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Let’s define Impairment. According to the Investment vocab, it is the gross reduction in the recoverable part of a fixed asset. So, it is supposed to be good when the impairment level comes down. Right? Quite so. And this exactly is happening to the non-qualified mortgage space. The non-QM loans are faring quite like the pre-Corona scene even as uncertainty persist in the QM space  

Impairment in the non-QM space improving

dv01, a data and analytics company, reports that non-QM impairment has come down to 1% from 16% during the peak of Covid-19. This is just as it was before March.

dv01’s Principal Analyst, Vadim Verkhoglyad, feels that “We are seeing that, after the huge spikes in April and May, impairments have come down. The new borrowers going delinquent or impaired are roughly the same rate as they were before COVID.”

Cumulative impairment down from May’s 23%

The data and analytics tracker discloses that this mortgage news is good for the entire sphere of the collateralized Non-qualified mortgage programs. This includes the impaired loans of the past. This said, the cumulative impairment figures still remain at 19%. This is better than the 23% recorded in May but still extremely high. 

Difficult to track incomes of self-employed

The impairment rate for the non-qualified loans has passed the unemployment rate. This is because a majority of users of these loans are self-employed. Their income streams are complicated and vary seasonally. This makes the phases of hardships more difficult for them. dv01 data reveals that nearly half of the non-qualified borrowers are self-employed.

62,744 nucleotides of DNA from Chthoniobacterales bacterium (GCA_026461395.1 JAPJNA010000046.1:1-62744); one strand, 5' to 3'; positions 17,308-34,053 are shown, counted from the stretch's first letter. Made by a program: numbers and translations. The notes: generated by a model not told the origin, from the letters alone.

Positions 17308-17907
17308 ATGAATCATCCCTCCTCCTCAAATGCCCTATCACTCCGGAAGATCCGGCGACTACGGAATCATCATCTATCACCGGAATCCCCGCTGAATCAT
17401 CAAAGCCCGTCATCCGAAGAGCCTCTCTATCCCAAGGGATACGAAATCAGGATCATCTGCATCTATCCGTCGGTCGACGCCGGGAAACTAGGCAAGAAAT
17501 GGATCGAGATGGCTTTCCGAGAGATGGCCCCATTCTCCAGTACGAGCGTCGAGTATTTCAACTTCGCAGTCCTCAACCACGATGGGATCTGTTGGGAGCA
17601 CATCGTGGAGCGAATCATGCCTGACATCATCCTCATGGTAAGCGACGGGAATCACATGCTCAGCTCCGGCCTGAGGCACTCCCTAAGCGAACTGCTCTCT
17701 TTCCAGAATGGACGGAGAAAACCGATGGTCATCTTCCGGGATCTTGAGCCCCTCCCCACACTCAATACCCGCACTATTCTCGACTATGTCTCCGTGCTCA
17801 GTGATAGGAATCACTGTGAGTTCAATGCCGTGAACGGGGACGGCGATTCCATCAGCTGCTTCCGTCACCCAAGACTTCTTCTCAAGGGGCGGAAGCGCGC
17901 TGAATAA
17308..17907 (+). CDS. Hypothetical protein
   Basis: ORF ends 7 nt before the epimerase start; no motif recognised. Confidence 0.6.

The parallel-market scene is improving though. Why otherwise is the Impac Mortgage Holdings returning to the Non-QM mix? Be that as it may, the lenders are still cautious about this alternate market and this is proven by the origination levels. 

“The sector was growing substantially before COVID and that’s largely stopped. Much of the securitization activity that we’ve seen since April comprises of originations that were completed before COVID or were guaranteed to fund before the pandemic. The volumes just aren’t there at the same capacity as they were. I think that’s where we’re still facing a bit of a challenge,” felt Verkhoglyad.

Non-QM is also a crucial mortgage program

With a national balance of over $7 billion, the collateralized Non-QM loans should get due importance. Currently, the Non-qualified mortgage programs can’t exist peacefully because of the government’s definition of QM loans. It shouldn’t be so when all agree that the Non-QM space is important, too. We cannot only expect QM borrowers to do house-hunting. 

At the current hour, many government-sponsored firms don’t need to stick to the govt. guidelines for Non-QM loans. They can pass loans to the self-employed, provided they follow some kind of credit score scrutiny. Notably, there are talks that the Consumer Financial Protection Bureau may change its policy. The talks are centered on shifting the QM criteria from debt-to-income to a pricing threshold.